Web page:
In a paper published in December in the SIAM Journal on Scientific Computing, authors Li-Tien Cheng, Bin Dong, Chunhua Men, Xun Jia, and Steve Jiang propose a method to optimize radiation therapy treatments in cancer patien ...

#### Computational study finds maximum packing density of 55,000 different shapes

Mar 05, 2014

A team of researchers at the University of Michigan has used computational and analytical analysis to find the maximum packing density of 55,000 uniquely shaped particles. In their paper published in the ...

#### Secret to the perfect pancake is discovered

Mar 04, 2014

In a collaboration with Meadowhall Shopping Centre, students from the University's Maths Society (SUMS) developed, trialled and tested a formula which enables pancake-lovers across the world to rustle-up ...

## More news stories

#### Study shows men and women both biased against women's math abilities

(Phys.org) —A study conducted by business and economic researchers Ernesto Reuben, Paola Sapienza, and Luigi Zingales, has found that both men and women hold biases against women's math abilities. In their ...

#### Study finds investors prefer good-looking male backed entrepreneurial ventures

(Phys.org) —A study conducted by a team of researchers from Harvard, Wharton and MIT has revealed that venture capitalists prefer to back entrepreneurial opportunities when pitched by a man and that they ...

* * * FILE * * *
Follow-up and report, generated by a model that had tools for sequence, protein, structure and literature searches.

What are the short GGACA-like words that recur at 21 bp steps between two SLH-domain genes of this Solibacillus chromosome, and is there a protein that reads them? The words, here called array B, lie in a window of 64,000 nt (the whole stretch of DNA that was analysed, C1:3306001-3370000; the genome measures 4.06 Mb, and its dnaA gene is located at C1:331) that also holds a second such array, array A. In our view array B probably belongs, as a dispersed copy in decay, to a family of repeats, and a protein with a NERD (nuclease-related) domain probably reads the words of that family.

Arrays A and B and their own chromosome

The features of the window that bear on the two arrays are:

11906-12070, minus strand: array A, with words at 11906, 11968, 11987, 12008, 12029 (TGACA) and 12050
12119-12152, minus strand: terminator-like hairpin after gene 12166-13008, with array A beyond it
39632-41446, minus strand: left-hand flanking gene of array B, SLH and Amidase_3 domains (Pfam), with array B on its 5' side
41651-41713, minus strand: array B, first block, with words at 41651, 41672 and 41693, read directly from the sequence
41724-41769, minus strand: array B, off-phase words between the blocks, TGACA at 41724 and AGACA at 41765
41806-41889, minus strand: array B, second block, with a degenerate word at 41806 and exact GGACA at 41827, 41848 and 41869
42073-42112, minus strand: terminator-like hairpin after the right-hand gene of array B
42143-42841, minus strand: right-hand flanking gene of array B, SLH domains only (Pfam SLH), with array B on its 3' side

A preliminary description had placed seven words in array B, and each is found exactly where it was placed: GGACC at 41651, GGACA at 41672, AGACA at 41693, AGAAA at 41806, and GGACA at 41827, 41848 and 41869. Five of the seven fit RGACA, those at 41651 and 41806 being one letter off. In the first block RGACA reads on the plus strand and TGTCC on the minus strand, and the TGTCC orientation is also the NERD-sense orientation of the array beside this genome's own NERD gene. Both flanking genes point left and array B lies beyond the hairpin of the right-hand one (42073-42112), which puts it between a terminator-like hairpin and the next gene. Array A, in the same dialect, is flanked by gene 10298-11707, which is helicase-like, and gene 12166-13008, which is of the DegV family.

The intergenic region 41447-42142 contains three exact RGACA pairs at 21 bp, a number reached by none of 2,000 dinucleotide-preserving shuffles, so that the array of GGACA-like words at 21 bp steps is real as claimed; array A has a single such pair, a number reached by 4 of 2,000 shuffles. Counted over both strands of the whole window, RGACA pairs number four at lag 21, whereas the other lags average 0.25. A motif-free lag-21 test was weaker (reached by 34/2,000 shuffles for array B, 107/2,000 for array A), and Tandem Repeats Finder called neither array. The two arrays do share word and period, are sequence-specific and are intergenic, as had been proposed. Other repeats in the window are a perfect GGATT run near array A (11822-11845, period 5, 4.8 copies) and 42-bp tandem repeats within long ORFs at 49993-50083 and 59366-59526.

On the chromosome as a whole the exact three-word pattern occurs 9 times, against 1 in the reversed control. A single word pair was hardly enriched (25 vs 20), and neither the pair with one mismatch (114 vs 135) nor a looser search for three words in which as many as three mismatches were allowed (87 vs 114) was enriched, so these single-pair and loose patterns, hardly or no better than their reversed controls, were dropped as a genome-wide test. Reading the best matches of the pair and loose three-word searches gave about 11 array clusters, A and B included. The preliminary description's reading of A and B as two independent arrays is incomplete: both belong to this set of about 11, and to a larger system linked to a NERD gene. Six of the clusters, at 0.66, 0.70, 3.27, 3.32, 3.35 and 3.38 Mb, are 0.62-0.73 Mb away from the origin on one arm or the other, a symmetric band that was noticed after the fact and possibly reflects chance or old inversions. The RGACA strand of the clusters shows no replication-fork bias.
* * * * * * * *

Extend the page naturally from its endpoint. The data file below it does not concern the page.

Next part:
When it comes to shopping for gifts, we try to select things we think people both want and need. According to a new study in the Journal of Consumer Research, focusing too much on the gift recipient can lead to giving the gi ...

#### What's the upside of feeling too sad for chocolate?

The instant gratification and the pleasure derived from consuming excessive chocolate and deep-fried foods can lead way to a double-edged sword of negative consequences ranging from weight gain to feelings of low self-esteem. ...

#### Power play: Empowered consumers are more likely to switch brands

As consumers, we form favorite brands and select services providers from a plethora of choices. According to a new study in the Journal of Consumer Research, how powerful we feel in our daily lives may impact our likelihood of swi ...

#### Sharp or flat: Gene clues into musical ability

Music surfaces frequently in the great Nature vs. Nurture debate: Why can someone be a virtuoso pianist yet their neighbour be a musical duffer? Does the answer lie in genes or upbringing?

#### Researchers closer to improving safety, effectiveness of lithium therapy

Lithium, one of the oldest and most widely used drugs to treat neuropsychiatric illnesses, such as bipolar disorder, has a serious drawback – toxicity. In a continued effort to find a safer form of lithium, ...

#### Timid jumping spider uses ant as bodyguard

A timid jumping spider uses the scent of ants as a secret weapon to save itself from becoming the somewhat soggy prey of the predatory spitting spider. The downside to this plan is that jumping spiders are ...

#### Diets high in animal protein may help prevent functional decline in elderly individuals

A diet high in protein, particularly animal protein, may help elderly individuals function at higher levels physically, psychologically, and socially, according to a study published in the Journal of the American Geriatrics So ...

#### Dynamic stressing of a global system of faults results in rare seismic silence

In the global aftershock zone that followed the major April 2012 Indian Ocean earthquake, seismologists noticed an unusual pattern – a dynamic "stress shadow," or period of seismic silence when some faults near failure ...